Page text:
10 min.
what businesses can learn from sports analytics

Sports analytics are all the rage now. The Moneyball story about the Oakland A’s use of analytics has made its way into the collective consciousness, and the appetite for more knowledge about the field has steadily increased year by year. The MIT Sloan Sports Analytics Conference, for example, has grown from about 175 attendees in its first year in 2007 to more than 2,000 in 2014. Called the “Super Bowl of sports analytics” and “TED talks in cleats,” the conference has catalyzed academics, professional and college teams, and the press to focus much more heavily on analytics to understand various aspects of sports performance and business. Almost every professional baseball team now has at least one professional quantitative analyst on staff, and many basketball, football and soccer teams do, too.…

9 min.
rejuvenating a brand through social media

Today’s managers understand the potential of social media engagement for generating business value. With each click, comment, “like” or post, consumers leave vital pieces of information — in effect, virtual footprints — that can be aggregated to generate new insights for brand management and engagement. However, companies often lack the right tools to guide them in this process. Without a framework with which to convert the mass of user-generated content into knowledge, the business value of social media stays hidden in plain sight. One exception is Nestlé, which has developed a strong capacity to manage its social space and extract useful insights from the voluminous data created via social media. To gain insights into how Nestlé has learned to capture this value, for a year we followed Nestlé UK’s campaign to…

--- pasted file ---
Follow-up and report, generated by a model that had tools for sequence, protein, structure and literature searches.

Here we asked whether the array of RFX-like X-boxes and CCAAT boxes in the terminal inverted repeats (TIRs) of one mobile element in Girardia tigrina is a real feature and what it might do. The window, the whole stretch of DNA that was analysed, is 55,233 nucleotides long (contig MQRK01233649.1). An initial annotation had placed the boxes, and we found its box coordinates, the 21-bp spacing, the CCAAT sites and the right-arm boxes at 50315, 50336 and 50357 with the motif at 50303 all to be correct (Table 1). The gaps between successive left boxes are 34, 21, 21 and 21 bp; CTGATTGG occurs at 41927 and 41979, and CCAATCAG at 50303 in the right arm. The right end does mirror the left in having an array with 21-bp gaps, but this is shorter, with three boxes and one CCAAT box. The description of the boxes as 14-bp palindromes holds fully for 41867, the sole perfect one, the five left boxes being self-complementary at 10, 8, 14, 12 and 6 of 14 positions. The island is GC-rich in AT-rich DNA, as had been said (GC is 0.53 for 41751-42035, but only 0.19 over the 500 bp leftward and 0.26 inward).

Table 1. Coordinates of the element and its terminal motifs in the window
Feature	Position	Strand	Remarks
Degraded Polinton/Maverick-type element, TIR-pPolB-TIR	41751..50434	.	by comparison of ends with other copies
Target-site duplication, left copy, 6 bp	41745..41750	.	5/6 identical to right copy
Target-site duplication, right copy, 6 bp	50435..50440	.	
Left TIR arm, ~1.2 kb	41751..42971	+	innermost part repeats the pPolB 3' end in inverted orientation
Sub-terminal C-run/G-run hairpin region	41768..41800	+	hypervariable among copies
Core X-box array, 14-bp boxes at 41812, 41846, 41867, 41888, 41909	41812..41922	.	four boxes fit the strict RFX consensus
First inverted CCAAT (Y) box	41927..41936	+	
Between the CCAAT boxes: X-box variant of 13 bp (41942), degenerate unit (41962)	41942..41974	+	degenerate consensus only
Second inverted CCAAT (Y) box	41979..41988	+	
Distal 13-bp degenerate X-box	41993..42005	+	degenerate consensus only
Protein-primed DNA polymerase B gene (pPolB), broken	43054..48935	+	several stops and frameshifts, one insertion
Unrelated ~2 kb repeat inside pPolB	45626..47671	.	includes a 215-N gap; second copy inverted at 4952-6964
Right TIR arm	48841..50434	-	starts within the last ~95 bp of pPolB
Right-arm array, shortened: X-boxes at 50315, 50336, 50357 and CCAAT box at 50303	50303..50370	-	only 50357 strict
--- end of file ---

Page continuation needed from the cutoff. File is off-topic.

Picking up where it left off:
11 min.
bridging the sustainability gap

Several recent studies point to the increasing number of companies that are translating their sustainability strategies into financial gains and competitive strength. Leading companies are generating sales growth with new environmentally conscious products and services, identifying eco-efficiencies that help them to trim costs and finding ways to better manage risk in a world of pollution challenges, natural resource limits and shifting opportunities for competitive advantage. Nonetheless, most mainstream investors remain unconvinced that sustainability leadership translates into profits and marketplace success. Despite rising importance on the corporate agenda, sustainability — at least as currently understood and measured — interests only a small niche of investors. While some evidence exists linking sustainability leadership to market outperformance, most mainstream investors discount these findings and remain on the sustainability sidelines. Public companies and global stock…